Boring machines make tough Toronto tunnel job easier
Darrell Liebno calls Atlanta, Georgia, home, but the civil engineer hasn’t been there much for the past three years. He’s been in Toronto managing one of the larger underground infrastructure projects in the country– twin tunnels, 6.5-km long in the western portion of what will form part of the city’s 19-km Eglinton Crosstown light rapid transit line (LRT)
Regardless, that doesn’t mean the Eglinton job is simple, and it’s certainly not easy. And, it’s not a mining project, per se, but it requires the same skills and understanding of underground work as most mine construction.
“I’ve spent 25 years in the tunneling business and worked on subways, as well as water and sewage treatment tunnels, across North America,” says Liebno, a project manager with Obayashi Canada, one of four companies handling the Crosstown underground work. “Nothing we do is small or quiet, or light.
Community and public safety are huge issues when you’re working in dense urban environments.” Eglinton Avenue is a major, four-lane, east-west artery in midtown Toronto. Hundreds of small retail businesses line both sides of the thoroughfare. Thousands of people live in apartments above shops, or in apartment and condo towers.
High-rise commercial buildings soar above the intersection of Yonge Street and Eglinton. Furthermore, two north-south subway lines cross Eglinton. Yet, there have been so few street-level disruptions that most residents, retailers, office workers and subway riders are scarcely aware of the tunnels being excavated 16 to 20m below ground.
The $5.3-billion Eglinton Crosstown is part of 25-year, $50-billion transit and transportation plan designed to boost capacity and reduce congestion throughout the Greater Toronto and Hamilton Area.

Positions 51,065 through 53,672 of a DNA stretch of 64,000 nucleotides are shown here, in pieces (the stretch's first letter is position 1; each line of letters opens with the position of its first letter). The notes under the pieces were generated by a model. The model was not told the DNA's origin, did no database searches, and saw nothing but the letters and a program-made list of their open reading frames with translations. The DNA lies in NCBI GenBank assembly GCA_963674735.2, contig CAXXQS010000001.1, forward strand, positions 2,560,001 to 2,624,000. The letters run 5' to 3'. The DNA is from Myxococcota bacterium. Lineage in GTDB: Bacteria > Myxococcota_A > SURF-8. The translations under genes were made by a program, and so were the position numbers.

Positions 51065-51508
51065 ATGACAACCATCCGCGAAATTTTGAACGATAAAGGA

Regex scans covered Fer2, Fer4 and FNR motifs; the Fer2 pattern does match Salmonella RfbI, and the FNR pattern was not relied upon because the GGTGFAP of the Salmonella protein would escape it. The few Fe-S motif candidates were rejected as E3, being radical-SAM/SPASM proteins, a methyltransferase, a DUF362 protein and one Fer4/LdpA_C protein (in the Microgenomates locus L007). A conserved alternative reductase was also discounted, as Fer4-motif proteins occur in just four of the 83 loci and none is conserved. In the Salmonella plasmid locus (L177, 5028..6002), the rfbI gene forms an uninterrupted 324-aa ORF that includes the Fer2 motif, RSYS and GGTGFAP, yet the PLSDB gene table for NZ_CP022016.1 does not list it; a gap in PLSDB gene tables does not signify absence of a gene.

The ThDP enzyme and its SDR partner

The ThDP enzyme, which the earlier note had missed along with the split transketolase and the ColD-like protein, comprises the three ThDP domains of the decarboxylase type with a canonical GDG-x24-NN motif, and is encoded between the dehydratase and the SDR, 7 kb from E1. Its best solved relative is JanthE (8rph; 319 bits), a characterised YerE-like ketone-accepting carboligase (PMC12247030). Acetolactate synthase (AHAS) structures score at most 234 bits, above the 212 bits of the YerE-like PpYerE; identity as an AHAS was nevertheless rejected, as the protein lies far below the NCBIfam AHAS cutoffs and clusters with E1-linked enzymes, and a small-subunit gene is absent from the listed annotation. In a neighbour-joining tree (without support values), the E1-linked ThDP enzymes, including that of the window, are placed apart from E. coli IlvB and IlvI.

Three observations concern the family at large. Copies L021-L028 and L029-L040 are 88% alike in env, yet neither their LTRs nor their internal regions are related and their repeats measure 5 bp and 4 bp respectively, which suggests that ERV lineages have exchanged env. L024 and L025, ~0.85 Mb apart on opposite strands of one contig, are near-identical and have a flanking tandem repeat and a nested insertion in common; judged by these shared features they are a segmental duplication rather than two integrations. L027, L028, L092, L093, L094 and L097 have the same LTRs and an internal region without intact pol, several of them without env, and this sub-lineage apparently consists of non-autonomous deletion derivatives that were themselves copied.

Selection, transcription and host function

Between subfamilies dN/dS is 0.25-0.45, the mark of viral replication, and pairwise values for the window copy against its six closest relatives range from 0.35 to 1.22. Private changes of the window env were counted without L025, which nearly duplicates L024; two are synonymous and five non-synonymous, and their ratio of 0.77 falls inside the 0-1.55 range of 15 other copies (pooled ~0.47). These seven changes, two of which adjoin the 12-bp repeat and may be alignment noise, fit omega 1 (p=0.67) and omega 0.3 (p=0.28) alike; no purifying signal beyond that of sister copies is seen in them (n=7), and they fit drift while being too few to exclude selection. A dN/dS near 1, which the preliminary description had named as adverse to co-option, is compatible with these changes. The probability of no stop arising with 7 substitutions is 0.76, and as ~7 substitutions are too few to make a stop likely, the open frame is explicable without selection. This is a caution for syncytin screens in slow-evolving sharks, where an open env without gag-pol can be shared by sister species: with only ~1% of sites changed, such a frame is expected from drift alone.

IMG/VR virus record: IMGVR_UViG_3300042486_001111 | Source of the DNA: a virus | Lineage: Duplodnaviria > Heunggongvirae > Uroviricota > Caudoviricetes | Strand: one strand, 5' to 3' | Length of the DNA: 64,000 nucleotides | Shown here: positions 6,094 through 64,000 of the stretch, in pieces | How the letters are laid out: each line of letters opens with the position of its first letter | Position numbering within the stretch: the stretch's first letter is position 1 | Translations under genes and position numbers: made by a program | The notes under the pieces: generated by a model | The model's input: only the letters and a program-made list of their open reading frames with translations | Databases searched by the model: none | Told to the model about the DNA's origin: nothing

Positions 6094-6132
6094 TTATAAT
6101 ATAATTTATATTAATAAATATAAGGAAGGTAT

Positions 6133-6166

Construction of the Crosstown LRT began in 2011, and is happening in three segments, with completion set for 2021.
Obayashi and its partners, Technicore Underground, Kenny Construction and Kenaiden Contracting, started near the intersection of Keele Street and Eglinton in June, 2013 and have been burrowing east toward Yonge Street.
In September, 2015, another consortium of contractors started work on twin tunnels at Laird Drive and have been proceeding west to Yonge–a distance of 3.km. A third consortium is responsible for the entire 19-km of 25 stations, tracks and signals, the maintenance and storage facility and a 30-year maintenance contract.
All told, then, four tunnel boaring machines (TBMs) are currently operating on the Eglinton Cross Town; each being a slow-moving giant.
The whole contract is $54 million. They were built in Toronto by Caterpillar Canada and assembled on site. The TBMs are 10-m long and weigh 430 tonnes. The rotating cutter- heads carve tunnels that are 5.75-m in diameter.
Aside from the size of the machines, they are also technical marvels as they move muck from the excavation into a screw conveyor which moves the material through the TBM and drops it on a conveyor belt. From there, it falls into rail cars that move it to the entrance shaft. It is lifted to surface and hauled by trucks to temporary a disposal site outside Toronto.
According to Metrolinx, the provincial transportation agency responsible for planning and commissioning the project, the earth removed to the create the tunnels would fill an NHL-size ice surface to a height of 1,800 feet, or about as high as Toronto’s CN Tower.